It’s Okay to Manage Your Boss
In organizations across all industries and at all levels of organizations, there is a shocking and profound epidemic of what I call “undermanagement”—the opposite of micromanagement. The vast majority of supervisory relationships between employees and their bosses lack the day-to-day engagement necessary to consistently maintain the very basics of management: clear expectations; necessary resources; real performance tracking; and fair credit and reward. In fact, most employees report that they feel disengaged from their immediate boss(es); that two-way communication is sorely deficient; and they rarely get the daily guidance, resources, feedback, and reward they need.
You may not be aware of undermanagement in your workplace. But look around you. I bet undermanagement is costing you every day. It robs you of having more positive experiences in the workplace and prevents you from reaching greater success. Undermanagement gets in the way of your learning and development, makes it harder for you to optimize relationships, and diminishes your opportunities for new tasks, responsibilities, and projects. Undermanagement very likely causes you to earn less than you should and prevents you from gaining more flexibility in your schedule and other work conditions.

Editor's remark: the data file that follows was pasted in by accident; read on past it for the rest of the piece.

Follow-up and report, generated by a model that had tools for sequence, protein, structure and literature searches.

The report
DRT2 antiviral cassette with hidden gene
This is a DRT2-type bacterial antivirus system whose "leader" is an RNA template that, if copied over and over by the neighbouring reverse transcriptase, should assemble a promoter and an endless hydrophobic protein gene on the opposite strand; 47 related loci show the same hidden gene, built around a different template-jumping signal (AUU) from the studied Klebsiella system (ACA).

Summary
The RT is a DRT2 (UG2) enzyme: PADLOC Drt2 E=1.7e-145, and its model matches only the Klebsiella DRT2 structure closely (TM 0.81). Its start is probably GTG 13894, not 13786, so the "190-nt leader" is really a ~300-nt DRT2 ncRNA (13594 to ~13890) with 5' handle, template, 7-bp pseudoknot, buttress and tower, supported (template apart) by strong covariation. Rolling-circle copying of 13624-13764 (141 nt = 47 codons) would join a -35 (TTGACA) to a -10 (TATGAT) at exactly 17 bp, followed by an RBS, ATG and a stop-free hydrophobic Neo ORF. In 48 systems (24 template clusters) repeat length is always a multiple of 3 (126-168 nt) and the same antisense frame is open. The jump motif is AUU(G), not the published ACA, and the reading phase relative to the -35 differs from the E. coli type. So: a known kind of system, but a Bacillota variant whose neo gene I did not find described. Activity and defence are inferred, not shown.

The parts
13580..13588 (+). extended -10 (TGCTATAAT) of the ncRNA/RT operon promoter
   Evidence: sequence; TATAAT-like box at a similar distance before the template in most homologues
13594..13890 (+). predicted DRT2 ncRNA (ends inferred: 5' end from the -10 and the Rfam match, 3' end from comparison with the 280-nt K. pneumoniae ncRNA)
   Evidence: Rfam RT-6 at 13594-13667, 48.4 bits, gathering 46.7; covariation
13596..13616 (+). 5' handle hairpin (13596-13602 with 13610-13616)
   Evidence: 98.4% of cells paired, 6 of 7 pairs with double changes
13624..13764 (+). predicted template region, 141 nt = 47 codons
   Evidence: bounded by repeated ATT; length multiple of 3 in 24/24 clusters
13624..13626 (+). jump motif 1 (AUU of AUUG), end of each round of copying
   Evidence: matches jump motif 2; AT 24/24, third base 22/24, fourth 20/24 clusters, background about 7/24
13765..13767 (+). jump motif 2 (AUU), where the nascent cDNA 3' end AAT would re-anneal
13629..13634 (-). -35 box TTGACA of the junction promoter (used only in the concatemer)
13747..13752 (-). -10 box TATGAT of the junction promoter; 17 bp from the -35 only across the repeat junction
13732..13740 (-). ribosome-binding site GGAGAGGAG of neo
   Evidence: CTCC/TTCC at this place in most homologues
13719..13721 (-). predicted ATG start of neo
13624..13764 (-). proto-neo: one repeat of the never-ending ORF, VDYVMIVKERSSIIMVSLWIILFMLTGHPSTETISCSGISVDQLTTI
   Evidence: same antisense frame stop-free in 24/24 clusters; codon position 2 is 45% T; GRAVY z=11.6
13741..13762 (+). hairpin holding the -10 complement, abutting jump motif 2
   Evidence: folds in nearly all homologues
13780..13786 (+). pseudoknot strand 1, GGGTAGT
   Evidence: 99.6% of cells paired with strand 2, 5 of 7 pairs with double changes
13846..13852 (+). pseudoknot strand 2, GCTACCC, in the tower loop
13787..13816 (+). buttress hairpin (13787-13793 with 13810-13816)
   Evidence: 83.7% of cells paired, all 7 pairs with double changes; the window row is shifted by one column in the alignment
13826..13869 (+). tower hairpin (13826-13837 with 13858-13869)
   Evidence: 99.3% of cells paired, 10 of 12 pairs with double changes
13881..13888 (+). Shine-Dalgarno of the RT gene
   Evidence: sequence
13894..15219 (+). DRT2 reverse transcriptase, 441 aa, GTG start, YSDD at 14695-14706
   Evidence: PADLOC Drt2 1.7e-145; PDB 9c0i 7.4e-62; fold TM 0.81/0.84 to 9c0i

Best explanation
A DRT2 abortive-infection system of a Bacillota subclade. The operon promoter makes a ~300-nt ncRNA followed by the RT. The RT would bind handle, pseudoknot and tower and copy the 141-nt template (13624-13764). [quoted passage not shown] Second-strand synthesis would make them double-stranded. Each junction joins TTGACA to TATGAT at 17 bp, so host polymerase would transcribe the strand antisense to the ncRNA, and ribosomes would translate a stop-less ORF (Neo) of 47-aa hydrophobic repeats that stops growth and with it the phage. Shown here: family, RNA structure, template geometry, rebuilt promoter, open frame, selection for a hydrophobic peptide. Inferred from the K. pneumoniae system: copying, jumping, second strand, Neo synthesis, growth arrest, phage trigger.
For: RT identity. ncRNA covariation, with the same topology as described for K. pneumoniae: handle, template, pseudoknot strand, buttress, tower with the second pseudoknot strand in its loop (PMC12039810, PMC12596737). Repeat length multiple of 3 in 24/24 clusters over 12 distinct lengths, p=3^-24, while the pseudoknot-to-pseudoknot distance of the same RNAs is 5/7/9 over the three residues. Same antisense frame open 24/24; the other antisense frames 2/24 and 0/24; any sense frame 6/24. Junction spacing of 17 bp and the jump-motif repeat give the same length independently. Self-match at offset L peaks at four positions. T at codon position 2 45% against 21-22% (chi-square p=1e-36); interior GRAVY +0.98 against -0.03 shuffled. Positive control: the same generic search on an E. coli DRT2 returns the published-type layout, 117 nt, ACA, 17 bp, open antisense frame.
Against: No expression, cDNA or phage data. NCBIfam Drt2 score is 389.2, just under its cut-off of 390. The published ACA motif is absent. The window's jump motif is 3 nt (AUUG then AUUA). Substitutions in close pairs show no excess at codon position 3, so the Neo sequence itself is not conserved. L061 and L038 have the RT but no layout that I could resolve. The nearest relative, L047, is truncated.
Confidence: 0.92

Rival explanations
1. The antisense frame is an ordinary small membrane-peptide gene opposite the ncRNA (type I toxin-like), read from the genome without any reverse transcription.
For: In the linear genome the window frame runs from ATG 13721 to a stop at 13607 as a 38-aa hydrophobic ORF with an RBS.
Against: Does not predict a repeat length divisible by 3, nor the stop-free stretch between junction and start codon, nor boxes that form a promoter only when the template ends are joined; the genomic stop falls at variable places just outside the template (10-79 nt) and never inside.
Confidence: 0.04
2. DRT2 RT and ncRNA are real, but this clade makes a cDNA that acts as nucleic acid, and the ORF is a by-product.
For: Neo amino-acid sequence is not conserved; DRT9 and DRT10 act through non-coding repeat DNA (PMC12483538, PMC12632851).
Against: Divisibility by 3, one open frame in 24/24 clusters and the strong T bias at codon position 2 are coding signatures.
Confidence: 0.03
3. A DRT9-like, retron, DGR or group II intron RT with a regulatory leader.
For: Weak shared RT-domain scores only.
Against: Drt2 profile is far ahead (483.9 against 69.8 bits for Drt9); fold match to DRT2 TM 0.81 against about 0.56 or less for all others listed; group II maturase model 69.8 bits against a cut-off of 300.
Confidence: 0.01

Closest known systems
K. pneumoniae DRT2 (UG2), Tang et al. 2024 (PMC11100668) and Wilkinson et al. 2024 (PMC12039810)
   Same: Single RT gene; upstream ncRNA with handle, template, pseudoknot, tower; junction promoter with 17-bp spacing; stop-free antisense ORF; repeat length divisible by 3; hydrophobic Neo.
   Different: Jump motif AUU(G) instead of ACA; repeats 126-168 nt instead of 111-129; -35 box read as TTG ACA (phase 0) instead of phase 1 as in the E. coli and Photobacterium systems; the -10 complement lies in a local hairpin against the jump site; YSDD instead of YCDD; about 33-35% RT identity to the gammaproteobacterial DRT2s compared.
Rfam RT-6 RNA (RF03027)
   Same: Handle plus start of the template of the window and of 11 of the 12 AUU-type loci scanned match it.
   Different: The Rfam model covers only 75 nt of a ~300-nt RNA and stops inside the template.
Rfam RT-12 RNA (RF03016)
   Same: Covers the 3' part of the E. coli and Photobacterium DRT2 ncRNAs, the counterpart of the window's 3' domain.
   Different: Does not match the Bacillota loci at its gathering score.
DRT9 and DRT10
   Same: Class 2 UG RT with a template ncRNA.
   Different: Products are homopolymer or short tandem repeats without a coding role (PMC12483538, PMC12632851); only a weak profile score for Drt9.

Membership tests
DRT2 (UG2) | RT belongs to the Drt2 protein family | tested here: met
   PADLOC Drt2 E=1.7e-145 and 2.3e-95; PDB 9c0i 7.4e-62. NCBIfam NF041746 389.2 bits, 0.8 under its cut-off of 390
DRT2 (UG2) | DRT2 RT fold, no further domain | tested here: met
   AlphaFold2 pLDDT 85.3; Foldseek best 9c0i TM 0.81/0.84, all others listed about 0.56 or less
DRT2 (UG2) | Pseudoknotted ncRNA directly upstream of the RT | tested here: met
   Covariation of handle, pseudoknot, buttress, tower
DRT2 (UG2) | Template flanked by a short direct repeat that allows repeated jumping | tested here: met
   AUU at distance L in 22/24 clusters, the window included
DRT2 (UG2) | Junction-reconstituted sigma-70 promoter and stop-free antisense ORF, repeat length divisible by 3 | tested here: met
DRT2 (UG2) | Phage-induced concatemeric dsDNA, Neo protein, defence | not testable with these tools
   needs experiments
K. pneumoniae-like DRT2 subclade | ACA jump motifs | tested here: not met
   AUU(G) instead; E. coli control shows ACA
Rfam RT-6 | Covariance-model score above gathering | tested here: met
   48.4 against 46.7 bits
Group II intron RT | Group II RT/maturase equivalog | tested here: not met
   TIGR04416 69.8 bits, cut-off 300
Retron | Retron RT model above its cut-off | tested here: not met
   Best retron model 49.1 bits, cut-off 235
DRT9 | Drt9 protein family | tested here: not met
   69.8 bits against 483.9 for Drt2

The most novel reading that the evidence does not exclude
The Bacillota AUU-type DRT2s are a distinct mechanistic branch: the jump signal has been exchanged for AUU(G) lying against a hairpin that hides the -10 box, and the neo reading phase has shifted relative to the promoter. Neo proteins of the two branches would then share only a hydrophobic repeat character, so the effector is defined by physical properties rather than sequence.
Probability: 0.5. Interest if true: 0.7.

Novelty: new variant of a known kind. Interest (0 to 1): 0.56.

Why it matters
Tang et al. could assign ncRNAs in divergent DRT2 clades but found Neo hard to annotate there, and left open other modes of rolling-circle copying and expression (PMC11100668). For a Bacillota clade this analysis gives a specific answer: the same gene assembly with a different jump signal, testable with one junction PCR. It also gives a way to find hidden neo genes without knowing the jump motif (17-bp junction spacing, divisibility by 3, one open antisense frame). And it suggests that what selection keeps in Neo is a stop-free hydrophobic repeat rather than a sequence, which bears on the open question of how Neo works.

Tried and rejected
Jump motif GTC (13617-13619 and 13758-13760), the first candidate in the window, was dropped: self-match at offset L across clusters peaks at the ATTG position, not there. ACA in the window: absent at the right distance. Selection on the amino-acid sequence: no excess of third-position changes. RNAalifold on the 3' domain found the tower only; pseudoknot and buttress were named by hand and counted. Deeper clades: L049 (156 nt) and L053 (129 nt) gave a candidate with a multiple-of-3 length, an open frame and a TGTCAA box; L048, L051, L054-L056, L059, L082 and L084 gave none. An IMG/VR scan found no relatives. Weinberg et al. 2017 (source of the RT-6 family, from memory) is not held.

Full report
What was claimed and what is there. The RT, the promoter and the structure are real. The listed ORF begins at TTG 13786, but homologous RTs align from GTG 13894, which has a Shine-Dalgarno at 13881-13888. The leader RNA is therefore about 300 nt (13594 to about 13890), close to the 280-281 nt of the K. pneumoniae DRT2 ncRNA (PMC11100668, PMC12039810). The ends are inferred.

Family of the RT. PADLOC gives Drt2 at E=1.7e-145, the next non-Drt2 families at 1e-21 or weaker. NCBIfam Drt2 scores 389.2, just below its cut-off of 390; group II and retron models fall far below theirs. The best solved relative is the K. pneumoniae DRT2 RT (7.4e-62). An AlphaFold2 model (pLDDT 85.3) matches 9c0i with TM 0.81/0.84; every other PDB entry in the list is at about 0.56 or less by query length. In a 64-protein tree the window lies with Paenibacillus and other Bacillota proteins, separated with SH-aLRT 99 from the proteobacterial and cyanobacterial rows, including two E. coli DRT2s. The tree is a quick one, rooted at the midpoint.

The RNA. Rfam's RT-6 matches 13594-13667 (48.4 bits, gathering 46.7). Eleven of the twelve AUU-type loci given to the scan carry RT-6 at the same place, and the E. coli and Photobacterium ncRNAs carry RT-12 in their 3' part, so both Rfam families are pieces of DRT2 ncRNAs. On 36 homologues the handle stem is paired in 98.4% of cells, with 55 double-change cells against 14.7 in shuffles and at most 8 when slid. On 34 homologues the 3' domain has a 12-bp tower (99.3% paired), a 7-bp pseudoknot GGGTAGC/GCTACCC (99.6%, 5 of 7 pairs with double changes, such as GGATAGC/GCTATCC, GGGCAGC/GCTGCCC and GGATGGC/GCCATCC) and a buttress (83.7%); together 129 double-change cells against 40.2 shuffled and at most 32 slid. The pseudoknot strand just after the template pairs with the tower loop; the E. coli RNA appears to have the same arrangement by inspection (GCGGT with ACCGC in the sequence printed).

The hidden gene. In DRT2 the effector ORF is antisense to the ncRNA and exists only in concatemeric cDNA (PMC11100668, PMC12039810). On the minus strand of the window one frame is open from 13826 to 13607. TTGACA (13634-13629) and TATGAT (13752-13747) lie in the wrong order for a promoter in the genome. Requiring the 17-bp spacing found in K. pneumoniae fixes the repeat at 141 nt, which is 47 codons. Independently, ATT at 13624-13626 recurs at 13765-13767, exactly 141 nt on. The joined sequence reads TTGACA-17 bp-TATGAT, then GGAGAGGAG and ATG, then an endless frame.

So, who is responsible for this undermanagement epidemic? After all, isn’t it the manager’s job to manage? Shouldn’t the bosses be taking charge? Yes, I believe managing is a sacred responsibility. If there’s a problem, the boss is the solution. If you are the boss, you are the one everyone is counting on.
Hands-Off Management Doesn’t Work
Unfortunately, too many leaders, managers, and supervisors are failing to lead, manage, and supervise. They simply do not take charge on a day-to-day basis. They fail to spell out expectations every step of the way, ensure necessary resources are in place, track performance, correct failure, and reward success. They don’t know how to, they don’t want to, or they are just afraid to.